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Improving SSH communication with cog

by Pete Emerson on

When I arrived at Standard Cognition in January of 2019, SSH access to our bare-metal servers was a hot mess.

We had the nascent beginnings of managing users with Salt, but engineers wouldn't hesitate to run sudo /usr/sbin/useradd in order to add accounts with passwords, perhaps with some custom scripts to push around SSH keys if we were lucky.

As the SRE team came into existence, I knew we needed to move away from this to something better. At the time, I knew that it would be great to have something like Netflix's BLESS in place (although we're not an AWS shop), but it didn't make sense to bite off that big a task.

So I put into place something that I've done before: user management via Ansible. After getting user management into a much better place, we put the issue away and turned our attention to other problems.

There were some glaring holes with my implementation of user management in Ansible: we had to push around SSH keys, which meant running Ansible across the infrastructure. Removing a user's access meant the same. Onboarding was not simple: an engineer would submit a PR with their key and a bit of YAML that defined their UID and GID, we'd accept the PR, run Ansible across the plant, and give the user an initial 2FA code (we were using libpam-google-authenticator). The user would SSH into our bastion host, cat a file that would give them a URL, visit that URL in the browser, scan the QR code into their 2FA app, and then use that for subsequent logins.

It wasn't pretty, but it worked.

In Q4 of 2019, I was able to bring my attention back to user management. I wanted a better user experience and a better administrative experience. I wanted to retain multi-factor authentication.¹ I wanted to stop pushing SSH public keys around.

Nothing existing quite fit our needs. I knew that HashiCorp Vault could do signed SSH Certificates. We'd been using Google Identity Aware Proxy. Bringing those pieces together made sense.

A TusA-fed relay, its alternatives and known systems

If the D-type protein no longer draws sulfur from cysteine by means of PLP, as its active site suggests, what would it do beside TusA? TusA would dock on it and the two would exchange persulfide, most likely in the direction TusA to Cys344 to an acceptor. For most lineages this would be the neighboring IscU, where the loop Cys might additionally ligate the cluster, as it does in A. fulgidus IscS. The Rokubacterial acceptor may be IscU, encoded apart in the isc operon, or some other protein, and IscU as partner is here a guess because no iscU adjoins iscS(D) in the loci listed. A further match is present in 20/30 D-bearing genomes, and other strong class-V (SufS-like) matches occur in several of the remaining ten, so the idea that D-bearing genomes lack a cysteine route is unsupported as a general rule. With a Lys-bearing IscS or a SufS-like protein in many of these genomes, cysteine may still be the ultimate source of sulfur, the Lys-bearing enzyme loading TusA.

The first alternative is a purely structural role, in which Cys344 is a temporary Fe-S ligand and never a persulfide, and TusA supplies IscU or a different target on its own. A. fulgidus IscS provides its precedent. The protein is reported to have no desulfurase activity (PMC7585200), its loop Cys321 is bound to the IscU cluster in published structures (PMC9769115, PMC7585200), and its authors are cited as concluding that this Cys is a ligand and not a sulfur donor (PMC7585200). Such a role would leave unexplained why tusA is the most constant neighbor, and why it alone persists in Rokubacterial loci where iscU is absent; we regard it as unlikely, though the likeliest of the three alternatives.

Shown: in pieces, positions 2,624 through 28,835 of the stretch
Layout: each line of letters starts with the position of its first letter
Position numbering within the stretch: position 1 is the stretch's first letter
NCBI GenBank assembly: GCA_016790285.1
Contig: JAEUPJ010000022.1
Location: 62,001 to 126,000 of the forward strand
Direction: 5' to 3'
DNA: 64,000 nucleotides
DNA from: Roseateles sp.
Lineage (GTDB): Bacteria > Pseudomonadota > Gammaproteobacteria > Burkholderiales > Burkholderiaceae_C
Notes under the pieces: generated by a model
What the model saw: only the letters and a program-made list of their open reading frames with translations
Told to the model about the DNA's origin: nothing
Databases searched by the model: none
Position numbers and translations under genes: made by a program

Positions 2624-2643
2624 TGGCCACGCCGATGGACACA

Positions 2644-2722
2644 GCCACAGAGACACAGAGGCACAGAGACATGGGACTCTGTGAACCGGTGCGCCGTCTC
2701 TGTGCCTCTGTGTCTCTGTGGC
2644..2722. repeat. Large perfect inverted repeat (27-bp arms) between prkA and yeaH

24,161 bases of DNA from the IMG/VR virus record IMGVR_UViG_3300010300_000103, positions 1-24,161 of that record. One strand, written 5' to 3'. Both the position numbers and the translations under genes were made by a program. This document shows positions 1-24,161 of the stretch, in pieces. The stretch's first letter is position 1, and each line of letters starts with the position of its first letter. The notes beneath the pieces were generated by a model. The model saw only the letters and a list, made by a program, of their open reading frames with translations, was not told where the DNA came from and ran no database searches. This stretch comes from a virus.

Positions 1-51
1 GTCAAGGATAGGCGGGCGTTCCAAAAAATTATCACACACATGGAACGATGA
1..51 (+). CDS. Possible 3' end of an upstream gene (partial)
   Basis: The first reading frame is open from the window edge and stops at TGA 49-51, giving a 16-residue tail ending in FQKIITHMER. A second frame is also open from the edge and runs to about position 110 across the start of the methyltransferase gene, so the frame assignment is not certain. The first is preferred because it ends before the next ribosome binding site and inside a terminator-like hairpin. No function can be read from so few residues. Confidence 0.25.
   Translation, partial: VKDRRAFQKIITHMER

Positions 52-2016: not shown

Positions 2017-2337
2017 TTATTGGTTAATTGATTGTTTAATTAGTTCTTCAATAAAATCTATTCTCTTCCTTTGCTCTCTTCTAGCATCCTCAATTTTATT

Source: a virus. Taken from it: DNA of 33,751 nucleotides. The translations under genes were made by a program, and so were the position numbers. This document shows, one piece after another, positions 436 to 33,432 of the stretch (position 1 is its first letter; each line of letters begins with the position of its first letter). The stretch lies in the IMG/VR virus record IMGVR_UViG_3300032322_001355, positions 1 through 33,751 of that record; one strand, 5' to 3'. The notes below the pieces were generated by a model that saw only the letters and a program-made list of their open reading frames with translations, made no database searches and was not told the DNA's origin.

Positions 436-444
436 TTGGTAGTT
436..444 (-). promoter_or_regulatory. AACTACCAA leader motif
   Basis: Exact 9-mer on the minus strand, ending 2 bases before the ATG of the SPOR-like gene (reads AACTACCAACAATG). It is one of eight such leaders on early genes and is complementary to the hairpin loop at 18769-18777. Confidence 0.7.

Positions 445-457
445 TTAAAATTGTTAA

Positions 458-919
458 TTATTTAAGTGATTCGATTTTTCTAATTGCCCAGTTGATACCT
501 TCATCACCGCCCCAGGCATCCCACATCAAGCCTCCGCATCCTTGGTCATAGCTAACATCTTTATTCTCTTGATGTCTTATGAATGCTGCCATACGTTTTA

Enter cog, which we've open sourced under the MIT License. Once deployed, cog is transparent to the end user. They download the cog binary (specific to their environment), run cog init, and then they can use SSH just like they normally do. Behind the scenes, cog creates an Identity-Aware Proxy to HashiCorp Vault, logs in via OIDC, and gets an SSH certificate signed. Then, it SSH'es to the target host, using a desired bastion host as the intermediate hop.

While this goes on behind the scenes:

Cog Workflow Diagram

Our developers see this:

$ ssh ubuntu@cog_target 
... 
Last login: Fri Sep 18 17:11:12 2020 from 192.168.0.4 $ 

End users no longer have to type in their 2FA code every time they SSH. Administrators no longer have to push around or remove SSH public keys. Granting or revoking access is simple.²

While cog is an internal tool in use here at Standard and our end customers will never need to know of its existence, cog improves our security model and our developers’ abilities to deliver our product.

Some day, we won't have to SSH into our infrastructure at all. It's a goal we'll continue to work toward. In the meantime, cog makes SSH infrastructure simple.

Pete Emerson is on the SRE team at Standard Cognition.


¹ OpenSSH 8.2 supports FIDO/U2F hardware authenticators, which is perhaps another interesting piece of the puzzle.

² ACLs could be made easier with integration with LDAP or similar. Unfortunately, Google doesn't provide group information on OIDC login, so we can't do our permissioning that way.

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